2. HBS vs GSB Experience: What is it like to study there?

2.1. Overall experience

In general, both schools have their own unique characteristics that bring students completely different feelings. 

HBS offers a rigorous academic experience driven by cases. MBA classes at HBS run rapidly that require full concentration to overcome intense workload. The overall experience here is mostly about stepping out of your comfort zone. 

GSB, on the other hand, focuses on a fulfilling experience. It possesses a friendly, personal atmosphere that brings comfortable feelings to share and listen. Interpersonal interaction among students is highly emphasized and classes are not the only place to learn at GSB.

2.2. Academic experience

HBS: A rigorous academic journey

Average number of enrolled students at HBS is around 900 students, which is the highest among the top MBA programs. During the first year, each classroom at HBS will involve 90+ students with diverse backgrounds and interests to participate in its sections. 

In terms of its curriculum, HBS requires students to participate in the compulsory courses over the first year (Required Curriculum – RC). These classes will cover the basics of finance, leadership, organizational behavior, entrepreneurship, etc. After that, students are free to build their own classes list in the second year (Elective Curriculum – EC).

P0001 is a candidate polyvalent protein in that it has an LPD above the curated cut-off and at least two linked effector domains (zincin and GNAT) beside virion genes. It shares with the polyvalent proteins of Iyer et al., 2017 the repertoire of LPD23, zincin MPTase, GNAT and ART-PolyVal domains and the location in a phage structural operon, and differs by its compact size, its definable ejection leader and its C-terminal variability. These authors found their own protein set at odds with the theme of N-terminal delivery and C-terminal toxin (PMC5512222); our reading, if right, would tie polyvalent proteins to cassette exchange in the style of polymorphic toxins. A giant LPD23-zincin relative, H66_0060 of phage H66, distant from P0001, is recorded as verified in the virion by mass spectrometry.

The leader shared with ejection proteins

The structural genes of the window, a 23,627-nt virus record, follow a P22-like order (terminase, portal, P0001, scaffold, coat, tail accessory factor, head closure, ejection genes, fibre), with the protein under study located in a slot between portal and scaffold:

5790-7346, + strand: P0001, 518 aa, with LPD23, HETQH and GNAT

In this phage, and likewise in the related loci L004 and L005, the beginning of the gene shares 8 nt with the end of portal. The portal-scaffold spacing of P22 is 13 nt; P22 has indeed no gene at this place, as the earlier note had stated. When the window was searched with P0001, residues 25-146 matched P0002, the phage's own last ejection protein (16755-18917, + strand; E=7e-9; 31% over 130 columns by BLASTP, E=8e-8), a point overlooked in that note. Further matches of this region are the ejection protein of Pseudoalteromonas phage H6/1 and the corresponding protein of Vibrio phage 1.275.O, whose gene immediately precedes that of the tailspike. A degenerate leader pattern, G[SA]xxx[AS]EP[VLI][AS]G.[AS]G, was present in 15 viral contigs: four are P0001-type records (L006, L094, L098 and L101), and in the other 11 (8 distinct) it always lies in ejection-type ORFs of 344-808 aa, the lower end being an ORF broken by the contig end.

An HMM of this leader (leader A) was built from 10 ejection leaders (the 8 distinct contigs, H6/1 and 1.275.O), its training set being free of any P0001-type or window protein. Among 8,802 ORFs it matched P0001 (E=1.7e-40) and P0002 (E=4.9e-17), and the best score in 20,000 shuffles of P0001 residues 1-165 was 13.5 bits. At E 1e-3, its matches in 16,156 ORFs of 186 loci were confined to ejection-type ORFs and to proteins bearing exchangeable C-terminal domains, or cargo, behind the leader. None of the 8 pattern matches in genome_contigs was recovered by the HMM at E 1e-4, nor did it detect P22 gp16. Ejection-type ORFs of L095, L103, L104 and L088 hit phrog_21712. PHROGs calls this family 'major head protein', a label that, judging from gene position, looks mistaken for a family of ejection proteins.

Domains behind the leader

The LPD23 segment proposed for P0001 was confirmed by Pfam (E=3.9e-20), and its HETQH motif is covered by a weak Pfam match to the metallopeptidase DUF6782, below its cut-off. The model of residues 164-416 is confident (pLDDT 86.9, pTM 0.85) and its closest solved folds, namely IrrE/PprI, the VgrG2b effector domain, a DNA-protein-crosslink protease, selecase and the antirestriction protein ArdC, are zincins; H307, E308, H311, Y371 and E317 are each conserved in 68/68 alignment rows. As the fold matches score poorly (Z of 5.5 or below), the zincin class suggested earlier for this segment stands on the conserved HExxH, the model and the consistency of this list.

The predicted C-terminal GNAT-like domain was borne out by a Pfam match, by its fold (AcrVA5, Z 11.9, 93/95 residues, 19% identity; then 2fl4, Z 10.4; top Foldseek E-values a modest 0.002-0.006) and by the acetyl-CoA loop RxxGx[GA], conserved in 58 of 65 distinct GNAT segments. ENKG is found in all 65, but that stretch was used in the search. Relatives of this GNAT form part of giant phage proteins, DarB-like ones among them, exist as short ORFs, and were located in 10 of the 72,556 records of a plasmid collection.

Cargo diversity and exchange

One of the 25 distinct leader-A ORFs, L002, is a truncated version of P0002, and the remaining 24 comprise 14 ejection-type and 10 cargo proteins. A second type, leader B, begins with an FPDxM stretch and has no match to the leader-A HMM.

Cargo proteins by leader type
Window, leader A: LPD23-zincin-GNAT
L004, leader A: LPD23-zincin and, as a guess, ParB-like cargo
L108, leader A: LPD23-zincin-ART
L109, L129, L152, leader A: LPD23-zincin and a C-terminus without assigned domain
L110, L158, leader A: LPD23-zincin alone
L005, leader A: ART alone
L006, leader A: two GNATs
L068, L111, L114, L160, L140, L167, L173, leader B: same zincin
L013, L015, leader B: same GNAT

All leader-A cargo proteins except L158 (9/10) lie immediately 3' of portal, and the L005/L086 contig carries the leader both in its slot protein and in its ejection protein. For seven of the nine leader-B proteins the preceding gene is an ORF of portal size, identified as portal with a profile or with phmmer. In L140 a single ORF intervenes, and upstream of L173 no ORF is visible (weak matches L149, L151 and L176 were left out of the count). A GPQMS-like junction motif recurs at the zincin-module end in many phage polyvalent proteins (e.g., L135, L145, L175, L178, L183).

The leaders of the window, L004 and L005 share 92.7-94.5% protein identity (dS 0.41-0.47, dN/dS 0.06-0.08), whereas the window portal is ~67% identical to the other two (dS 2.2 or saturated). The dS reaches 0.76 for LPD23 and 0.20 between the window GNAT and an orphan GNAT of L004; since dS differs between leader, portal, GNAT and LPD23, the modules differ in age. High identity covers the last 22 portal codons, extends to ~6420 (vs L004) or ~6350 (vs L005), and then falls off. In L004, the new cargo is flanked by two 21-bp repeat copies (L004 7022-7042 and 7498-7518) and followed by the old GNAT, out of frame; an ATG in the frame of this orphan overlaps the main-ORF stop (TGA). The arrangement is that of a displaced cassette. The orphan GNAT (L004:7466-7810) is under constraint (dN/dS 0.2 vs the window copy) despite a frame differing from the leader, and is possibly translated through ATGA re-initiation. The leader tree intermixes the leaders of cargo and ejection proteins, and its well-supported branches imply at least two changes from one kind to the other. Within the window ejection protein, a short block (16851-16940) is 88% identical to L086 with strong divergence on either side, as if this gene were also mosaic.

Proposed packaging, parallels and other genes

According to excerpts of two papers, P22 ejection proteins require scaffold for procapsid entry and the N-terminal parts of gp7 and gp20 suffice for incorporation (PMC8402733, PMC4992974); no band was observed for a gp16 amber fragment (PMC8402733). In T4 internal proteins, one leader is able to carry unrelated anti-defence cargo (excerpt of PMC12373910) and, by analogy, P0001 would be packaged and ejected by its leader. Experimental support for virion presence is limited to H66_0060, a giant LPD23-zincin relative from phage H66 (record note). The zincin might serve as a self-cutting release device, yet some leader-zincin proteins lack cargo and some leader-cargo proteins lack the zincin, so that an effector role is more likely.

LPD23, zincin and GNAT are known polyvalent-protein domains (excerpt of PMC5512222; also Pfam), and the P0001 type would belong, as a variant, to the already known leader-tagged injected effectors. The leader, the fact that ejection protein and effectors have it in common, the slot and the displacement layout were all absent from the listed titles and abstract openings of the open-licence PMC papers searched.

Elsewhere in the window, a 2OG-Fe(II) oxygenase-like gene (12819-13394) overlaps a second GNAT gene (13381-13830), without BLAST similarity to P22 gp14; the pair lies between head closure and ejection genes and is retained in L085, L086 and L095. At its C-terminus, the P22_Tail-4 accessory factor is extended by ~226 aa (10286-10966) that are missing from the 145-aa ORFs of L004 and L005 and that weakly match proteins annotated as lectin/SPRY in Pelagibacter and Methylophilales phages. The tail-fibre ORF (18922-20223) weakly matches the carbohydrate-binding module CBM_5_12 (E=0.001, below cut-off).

Harvard is the birthplace of the Case method and gained global reputation for it over the years. Students study cases that are normally 10-20 pages long, understand the context, define existent problems and make decisions to solve them. After that, they have to exchange their perspectives under extreme pressure caused by professors’ deliberate judgement. Within the first year, you are required to take part in approximately 300 studies. Thus, if you are an HBS applicant, be prepared for the enormous workload ahead.